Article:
Advances in systemic therapies have emerged across the cancer treatment paradigm. How have new systemic regimens affected the role of radiation in the treatment of patients with prostate cancer?

It's been fantastic to see the evolution in systemic therapies, such as targeted therapies and immunotherapies. [However], these haven’t decreased the role of radiation therapy other than in some hematologic malignancies. In solid tumors, if anything, the role of radiation has expanded.

One reason [the role of radiation has expanded] is the accuracy and precision of treatment, irrespective of a patient’s mutational profile. Radiation, irrespective of that heterogeneity and those mutations, has a high probability of killing those cancer cells.

Another reason for the expanded use of radiation is that with these targeted therapies or immunotherapy, sometimes patients experience oligo-progression. There's some site that is progressing, but the therapy is keeping the rest of the metastatic disease under control. Therefore, radiation is a nice, non-invasive, and now very convenient and accurate way to get rid of those resistant clones.

I would view [radiation and systemic therapy] as complementary. Together, we're seeing unprecedented long-term survival rates in men with metastatic [prostate cancer] with more effective systemic therapy and local therapy.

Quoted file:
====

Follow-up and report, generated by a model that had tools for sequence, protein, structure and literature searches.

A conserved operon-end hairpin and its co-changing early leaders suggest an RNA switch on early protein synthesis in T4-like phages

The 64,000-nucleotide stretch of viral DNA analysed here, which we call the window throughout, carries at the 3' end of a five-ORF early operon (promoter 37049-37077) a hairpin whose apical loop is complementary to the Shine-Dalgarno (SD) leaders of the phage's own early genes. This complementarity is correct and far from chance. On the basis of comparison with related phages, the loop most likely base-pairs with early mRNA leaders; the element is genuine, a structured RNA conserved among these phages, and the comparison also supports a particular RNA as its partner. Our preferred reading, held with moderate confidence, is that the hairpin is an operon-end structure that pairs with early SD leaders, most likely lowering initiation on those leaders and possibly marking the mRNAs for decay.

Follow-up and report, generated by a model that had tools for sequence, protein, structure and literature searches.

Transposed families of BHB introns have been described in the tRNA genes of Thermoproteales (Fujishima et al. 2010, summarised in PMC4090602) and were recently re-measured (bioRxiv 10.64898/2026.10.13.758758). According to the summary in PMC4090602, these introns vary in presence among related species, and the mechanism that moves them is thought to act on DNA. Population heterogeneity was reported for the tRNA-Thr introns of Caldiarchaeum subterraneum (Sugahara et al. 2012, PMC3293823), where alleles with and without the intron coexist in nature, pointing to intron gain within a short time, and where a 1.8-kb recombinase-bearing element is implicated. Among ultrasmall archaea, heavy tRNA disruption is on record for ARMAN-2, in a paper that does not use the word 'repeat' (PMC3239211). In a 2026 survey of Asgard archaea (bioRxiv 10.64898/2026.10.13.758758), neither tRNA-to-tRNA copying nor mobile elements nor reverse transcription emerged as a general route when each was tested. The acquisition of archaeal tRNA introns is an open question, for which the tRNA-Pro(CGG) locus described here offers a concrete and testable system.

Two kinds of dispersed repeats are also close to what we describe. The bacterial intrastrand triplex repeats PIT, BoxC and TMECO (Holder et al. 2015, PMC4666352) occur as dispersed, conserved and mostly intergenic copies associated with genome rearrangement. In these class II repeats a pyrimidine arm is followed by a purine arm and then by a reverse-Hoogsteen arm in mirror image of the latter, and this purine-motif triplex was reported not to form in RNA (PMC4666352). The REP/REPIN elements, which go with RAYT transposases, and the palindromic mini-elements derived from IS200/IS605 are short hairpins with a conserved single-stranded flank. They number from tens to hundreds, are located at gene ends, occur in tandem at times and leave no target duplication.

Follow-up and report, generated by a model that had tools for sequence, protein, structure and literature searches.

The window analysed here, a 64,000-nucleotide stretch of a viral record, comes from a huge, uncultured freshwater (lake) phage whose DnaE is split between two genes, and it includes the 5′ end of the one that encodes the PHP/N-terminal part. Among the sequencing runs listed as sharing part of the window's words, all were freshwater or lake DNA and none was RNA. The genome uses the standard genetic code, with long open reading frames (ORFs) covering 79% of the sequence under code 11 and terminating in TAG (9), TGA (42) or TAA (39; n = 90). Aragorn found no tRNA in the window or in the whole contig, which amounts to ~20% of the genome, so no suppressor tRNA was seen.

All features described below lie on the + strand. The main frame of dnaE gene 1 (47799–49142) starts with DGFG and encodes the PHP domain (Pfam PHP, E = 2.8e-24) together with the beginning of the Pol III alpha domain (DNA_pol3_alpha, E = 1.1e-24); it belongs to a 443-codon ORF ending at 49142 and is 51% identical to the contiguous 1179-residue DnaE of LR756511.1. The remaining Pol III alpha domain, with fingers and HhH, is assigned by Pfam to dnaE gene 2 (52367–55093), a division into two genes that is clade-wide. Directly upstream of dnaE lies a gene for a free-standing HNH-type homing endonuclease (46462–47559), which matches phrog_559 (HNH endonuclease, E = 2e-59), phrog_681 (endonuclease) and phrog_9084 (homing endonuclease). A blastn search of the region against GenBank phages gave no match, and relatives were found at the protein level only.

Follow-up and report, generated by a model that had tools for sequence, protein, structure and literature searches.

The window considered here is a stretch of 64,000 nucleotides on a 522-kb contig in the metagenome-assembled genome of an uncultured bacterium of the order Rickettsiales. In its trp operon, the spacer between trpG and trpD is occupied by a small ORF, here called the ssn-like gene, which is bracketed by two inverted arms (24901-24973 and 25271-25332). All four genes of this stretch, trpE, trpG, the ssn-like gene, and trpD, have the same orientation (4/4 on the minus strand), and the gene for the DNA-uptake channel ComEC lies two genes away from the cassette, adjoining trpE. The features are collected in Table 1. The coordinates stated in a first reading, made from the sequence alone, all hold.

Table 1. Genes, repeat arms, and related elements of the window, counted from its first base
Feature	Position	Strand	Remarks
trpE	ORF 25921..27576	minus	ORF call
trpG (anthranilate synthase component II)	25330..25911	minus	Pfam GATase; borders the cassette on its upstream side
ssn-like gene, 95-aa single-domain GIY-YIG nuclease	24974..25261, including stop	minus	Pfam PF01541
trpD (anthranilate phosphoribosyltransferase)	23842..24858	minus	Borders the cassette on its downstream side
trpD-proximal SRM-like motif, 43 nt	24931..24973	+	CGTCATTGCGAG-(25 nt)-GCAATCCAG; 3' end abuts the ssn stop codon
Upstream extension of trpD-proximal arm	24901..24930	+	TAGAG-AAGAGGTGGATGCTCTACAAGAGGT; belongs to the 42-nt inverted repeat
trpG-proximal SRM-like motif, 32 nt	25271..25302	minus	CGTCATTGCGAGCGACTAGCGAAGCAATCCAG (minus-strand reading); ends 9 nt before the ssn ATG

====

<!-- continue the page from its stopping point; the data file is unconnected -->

For patient with prostate cancer, how do radiotherapy and androgen receptor (AR) inhibitors play a role together in treatment? What is the optimal sequencing approach for using these treatments?

For a long time, dating back to the 1970s, there was some signal that there was a synergistic action between radiation and hormone therapy, androgen deprivation therapy [ADT], or AR signaling inhibition. That has been borne out now over numerous trials over the past decades.

We've done work to try to understand how to optimally give [hormone therapy and radiation] together. Historically, people thought giving hormone therapy before radiation somehow might reduce hypoxia or reduce other things that were thought to be driving radiotherapy resistance. What modern work has shown is that [this is probably not the case], and it probably is not having an oncologic benefit. [Hormone therapy] is going to put the cancer to sleep, but it's probably not optimally helping the radiation. We've now learned that by giving hormone therapy right after radiation, it inhibits the repair of DNA damage. Giving the radiation together with hormone therapy and continuing it seems to elicit the greatest synergistic benefit.

Radioligands have continued to be developed for the treatment of patients with prostate cancer. What about these agents make them a viable option for this patient population, and what are the next steps for continuing to integrate these types of agents into the treatment paradigm?